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Digital training on entrepreneurship, financial inclusion and formality for micro-firms
Last registered on July 10, 2020


Trial Information
General Information
Digital training on entrepreneurship, financial inclusion and formality for micro-firms
Initial registration date
July 09, 2020
Last updated
July 10, 2020 10:02 AM EDT
Primary Investigator
Universidad del Rosario
Other Primary Investigator(s)
PI Affiliation
Fundación Capital
PI Affiliation
Corporación Universitaria Minuto de Dios
PI Affiliation
Corporación Universitaria Minuto de Dios
PI Affiliation
Corporación Universitaria Minuto de Dios
PI Affiliation
Universidad del Rosario
Additional Trial Information
In development
Start date
End date
Secondary IDs
Financial inclusion and digitalization became an utter necessity for firms in order to survive the strict lockdowns derived from COVID-19 crisis around the world. In low and middle-income countries, micro-firms such as convenience store owners, hairdresser saloons, small shops and restaurants, among others are typically in a bad shape to face the new market conditions. This intervention targets these small firms in order to improve their capabilities to survive in the new normality. It uses a phone-based application (Expertiendia) designed to train and certify firm owners in the topics of: (i) business management, (ii) sales and marketing, (iii) customer service, (iv) financial inclusion and literacy. We target firms located in 10 cities of Colombia, all of them in low and middle-income residential areas close to the campus of a major university.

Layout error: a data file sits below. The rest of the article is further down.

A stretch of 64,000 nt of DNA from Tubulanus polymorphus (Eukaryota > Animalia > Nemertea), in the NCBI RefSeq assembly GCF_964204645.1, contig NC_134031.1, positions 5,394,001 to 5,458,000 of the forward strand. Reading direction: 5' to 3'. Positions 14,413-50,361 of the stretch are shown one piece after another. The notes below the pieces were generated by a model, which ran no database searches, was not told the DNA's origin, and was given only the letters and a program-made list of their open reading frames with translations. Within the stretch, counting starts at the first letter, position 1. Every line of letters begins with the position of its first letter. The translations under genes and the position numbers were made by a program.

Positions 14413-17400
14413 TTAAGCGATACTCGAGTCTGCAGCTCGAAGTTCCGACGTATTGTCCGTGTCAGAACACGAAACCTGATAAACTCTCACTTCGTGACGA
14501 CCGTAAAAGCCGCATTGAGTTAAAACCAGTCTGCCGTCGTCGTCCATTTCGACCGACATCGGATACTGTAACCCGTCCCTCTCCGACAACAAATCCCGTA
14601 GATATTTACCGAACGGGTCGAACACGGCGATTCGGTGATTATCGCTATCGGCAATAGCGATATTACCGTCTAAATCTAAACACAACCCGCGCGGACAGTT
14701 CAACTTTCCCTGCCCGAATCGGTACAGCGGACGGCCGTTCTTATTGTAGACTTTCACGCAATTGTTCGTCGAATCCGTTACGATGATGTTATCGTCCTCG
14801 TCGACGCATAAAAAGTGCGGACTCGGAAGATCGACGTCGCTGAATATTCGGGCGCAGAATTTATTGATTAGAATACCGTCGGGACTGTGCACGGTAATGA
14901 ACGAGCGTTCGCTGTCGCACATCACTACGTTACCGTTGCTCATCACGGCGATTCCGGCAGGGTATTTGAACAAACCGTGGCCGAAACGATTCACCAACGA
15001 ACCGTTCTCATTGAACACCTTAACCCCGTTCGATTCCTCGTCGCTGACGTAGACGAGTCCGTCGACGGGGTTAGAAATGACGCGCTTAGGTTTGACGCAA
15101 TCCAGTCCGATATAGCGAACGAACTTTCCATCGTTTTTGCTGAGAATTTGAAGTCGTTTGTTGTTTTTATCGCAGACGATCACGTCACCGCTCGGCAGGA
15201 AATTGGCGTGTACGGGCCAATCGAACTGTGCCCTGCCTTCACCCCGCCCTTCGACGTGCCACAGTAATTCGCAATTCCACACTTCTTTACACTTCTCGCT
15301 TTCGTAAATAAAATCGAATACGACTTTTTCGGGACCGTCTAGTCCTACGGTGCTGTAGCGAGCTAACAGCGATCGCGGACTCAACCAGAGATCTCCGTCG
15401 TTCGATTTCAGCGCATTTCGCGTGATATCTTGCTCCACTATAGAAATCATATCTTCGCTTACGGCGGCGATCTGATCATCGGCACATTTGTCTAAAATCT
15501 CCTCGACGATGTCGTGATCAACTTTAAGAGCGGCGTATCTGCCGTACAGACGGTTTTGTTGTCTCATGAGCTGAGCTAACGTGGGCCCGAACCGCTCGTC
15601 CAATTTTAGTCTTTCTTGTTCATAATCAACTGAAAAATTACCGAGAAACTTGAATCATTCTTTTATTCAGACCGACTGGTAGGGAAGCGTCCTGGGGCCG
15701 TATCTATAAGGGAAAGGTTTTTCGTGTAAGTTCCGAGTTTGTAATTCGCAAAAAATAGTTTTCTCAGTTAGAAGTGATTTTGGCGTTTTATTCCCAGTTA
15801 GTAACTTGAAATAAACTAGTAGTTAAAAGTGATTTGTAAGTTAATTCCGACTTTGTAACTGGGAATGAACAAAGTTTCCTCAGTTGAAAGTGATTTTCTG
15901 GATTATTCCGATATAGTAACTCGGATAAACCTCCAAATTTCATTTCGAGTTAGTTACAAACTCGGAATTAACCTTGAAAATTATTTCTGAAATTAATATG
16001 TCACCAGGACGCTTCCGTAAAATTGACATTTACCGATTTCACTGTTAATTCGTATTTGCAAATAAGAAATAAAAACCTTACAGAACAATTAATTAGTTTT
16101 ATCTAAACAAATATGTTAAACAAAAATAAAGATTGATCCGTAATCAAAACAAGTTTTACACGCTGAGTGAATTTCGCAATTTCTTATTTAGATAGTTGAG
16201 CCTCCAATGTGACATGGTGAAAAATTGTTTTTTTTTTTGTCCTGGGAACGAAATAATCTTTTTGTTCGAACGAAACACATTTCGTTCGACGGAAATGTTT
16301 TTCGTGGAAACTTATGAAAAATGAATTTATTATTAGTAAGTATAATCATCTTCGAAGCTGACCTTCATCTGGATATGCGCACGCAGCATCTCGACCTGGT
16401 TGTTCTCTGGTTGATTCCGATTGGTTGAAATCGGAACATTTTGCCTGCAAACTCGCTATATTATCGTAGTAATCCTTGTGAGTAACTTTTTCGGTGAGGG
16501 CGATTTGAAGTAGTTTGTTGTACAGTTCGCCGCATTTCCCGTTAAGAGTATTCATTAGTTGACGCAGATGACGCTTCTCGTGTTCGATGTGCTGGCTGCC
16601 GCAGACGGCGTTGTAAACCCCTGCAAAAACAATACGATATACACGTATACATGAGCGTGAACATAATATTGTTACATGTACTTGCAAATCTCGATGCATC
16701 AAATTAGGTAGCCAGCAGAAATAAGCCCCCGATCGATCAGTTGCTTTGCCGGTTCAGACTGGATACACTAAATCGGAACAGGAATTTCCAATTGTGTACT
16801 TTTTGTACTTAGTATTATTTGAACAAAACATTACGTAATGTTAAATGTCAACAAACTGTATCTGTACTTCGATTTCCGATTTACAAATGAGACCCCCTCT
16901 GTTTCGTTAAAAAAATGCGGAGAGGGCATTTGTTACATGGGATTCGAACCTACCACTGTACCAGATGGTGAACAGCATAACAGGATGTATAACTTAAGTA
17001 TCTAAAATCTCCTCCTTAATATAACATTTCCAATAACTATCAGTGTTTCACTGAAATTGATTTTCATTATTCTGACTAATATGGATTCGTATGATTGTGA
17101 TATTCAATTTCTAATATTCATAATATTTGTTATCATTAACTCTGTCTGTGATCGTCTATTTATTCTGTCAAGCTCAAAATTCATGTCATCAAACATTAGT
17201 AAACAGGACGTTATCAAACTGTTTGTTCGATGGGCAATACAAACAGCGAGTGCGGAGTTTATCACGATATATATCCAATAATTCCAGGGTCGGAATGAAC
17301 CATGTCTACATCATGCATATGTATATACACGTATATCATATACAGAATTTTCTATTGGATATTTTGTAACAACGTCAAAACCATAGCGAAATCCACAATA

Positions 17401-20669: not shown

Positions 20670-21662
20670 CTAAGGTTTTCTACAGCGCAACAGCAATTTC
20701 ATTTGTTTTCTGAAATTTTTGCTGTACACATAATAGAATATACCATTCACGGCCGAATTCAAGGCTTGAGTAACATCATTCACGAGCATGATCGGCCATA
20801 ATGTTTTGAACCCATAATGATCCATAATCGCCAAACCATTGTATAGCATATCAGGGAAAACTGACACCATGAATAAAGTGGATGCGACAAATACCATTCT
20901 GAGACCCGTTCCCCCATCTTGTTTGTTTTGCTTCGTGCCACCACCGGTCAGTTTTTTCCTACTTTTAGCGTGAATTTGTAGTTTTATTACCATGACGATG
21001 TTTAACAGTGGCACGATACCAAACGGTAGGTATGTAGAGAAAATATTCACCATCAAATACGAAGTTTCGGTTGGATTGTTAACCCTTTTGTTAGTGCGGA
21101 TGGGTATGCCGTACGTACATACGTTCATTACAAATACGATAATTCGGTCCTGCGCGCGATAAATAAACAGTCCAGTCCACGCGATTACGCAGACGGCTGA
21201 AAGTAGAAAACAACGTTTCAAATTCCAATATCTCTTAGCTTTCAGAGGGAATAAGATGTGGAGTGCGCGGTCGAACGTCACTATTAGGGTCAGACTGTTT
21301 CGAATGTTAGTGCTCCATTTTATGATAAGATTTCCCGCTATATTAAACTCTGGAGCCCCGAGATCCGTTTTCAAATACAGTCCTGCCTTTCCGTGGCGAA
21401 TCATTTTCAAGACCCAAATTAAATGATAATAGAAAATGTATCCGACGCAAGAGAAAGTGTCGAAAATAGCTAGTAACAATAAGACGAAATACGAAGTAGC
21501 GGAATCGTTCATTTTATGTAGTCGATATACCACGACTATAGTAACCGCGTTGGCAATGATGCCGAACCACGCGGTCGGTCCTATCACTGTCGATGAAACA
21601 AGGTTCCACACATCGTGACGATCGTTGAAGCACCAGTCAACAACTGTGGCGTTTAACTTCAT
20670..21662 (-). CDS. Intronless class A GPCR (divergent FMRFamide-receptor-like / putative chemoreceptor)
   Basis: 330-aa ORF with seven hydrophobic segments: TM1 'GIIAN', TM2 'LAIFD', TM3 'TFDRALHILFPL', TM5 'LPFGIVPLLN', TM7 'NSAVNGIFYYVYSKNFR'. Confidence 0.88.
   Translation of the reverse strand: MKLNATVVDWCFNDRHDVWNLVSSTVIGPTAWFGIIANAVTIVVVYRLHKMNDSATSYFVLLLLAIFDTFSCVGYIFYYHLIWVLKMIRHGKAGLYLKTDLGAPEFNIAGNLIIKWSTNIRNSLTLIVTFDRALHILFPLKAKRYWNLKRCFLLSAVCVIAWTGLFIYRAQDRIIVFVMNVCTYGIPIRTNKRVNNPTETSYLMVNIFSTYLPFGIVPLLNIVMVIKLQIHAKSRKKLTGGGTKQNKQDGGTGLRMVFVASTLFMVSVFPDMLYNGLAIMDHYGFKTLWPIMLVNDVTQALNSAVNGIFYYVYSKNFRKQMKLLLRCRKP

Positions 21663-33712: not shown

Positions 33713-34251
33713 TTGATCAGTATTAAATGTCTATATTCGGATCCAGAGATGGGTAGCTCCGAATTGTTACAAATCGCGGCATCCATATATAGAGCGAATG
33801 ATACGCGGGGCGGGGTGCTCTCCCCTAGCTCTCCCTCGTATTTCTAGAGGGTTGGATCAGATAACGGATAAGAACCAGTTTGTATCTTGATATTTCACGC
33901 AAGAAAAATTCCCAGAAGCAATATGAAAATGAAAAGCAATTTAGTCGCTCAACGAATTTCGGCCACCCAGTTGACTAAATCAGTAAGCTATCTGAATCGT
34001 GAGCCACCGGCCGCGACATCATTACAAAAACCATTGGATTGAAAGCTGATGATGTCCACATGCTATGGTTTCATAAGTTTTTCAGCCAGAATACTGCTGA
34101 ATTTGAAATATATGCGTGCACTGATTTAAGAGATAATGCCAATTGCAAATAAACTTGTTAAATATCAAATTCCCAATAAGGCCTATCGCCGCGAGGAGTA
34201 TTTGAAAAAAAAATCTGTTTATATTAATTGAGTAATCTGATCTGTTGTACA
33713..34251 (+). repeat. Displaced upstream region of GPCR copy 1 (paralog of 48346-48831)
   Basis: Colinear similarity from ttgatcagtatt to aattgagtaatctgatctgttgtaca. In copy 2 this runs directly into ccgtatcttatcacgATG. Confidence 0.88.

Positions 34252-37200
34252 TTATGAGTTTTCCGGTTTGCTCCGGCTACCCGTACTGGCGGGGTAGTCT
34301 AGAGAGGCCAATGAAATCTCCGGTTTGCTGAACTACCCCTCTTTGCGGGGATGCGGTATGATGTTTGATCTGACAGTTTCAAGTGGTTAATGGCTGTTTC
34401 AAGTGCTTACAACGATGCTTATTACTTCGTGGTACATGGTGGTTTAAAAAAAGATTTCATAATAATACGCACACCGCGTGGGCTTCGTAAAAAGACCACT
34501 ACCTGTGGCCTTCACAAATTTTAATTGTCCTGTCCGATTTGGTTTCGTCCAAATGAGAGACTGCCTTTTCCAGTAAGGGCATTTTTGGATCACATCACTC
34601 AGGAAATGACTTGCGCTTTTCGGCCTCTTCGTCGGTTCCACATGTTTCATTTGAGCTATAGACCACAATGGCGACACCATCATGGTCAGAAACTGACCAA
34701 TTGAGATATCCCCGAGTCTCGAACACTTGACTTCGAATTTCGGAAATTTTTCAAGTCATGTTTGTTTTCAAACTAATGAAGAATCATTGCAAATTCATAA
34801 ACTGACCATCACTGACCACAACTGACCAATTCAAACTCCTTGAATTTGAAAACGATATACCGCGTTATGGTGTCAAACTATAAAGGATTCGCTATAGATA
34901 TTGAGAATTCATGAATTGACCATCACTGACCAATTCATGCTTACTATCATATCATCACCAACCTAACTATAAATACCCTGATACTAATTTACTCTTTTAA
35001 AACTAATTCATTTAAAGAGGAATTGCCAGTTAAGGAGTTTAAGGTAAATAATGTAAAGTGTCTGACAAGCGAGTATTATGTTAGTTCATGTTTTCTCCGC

External Link(s)
Registration Citation
Gutierrez, Luis et al. 2020. "Digital training on entrepreneurship, financial inclusion and formality for micro-firms ." AEA RCT Registry. July 10. https://doi.org/10.1257/rct.6120-1.0.
Sponsors & Partners
Experimental Details
We provide firm owners and managers with access to a digital-based training app (Expertienda) on entrepreneurship skills and financial literacy. The training course is certified upon completion by Rosario University and Minuto de Dios University, and it could be the basis to access further interventions. Firms are located nearby Minuto de Dios University campus, which includes both residential and commercial areas of he cities.
Intervention Start Date
Intervention End Date
Primary Outcomes
Primary Outcomes (end points)
Survival after 1 year of the intervention start
Three indexes: formalization, management practices and financial inclusion.
Profits self-reported category
Number of employees
Reported an investment in the business
Primary Outcomes (explanation)
Variables included in the indexes
Formalization: the firm is registered with the appropriate institutions, have the required operation permits, have a book keeping system, and the proportion of employees who are under a formal contract (pays health and pension insurances).
Management practices: A set of variables from the literature including practices related to management of stocks , sales, providers and financial planning.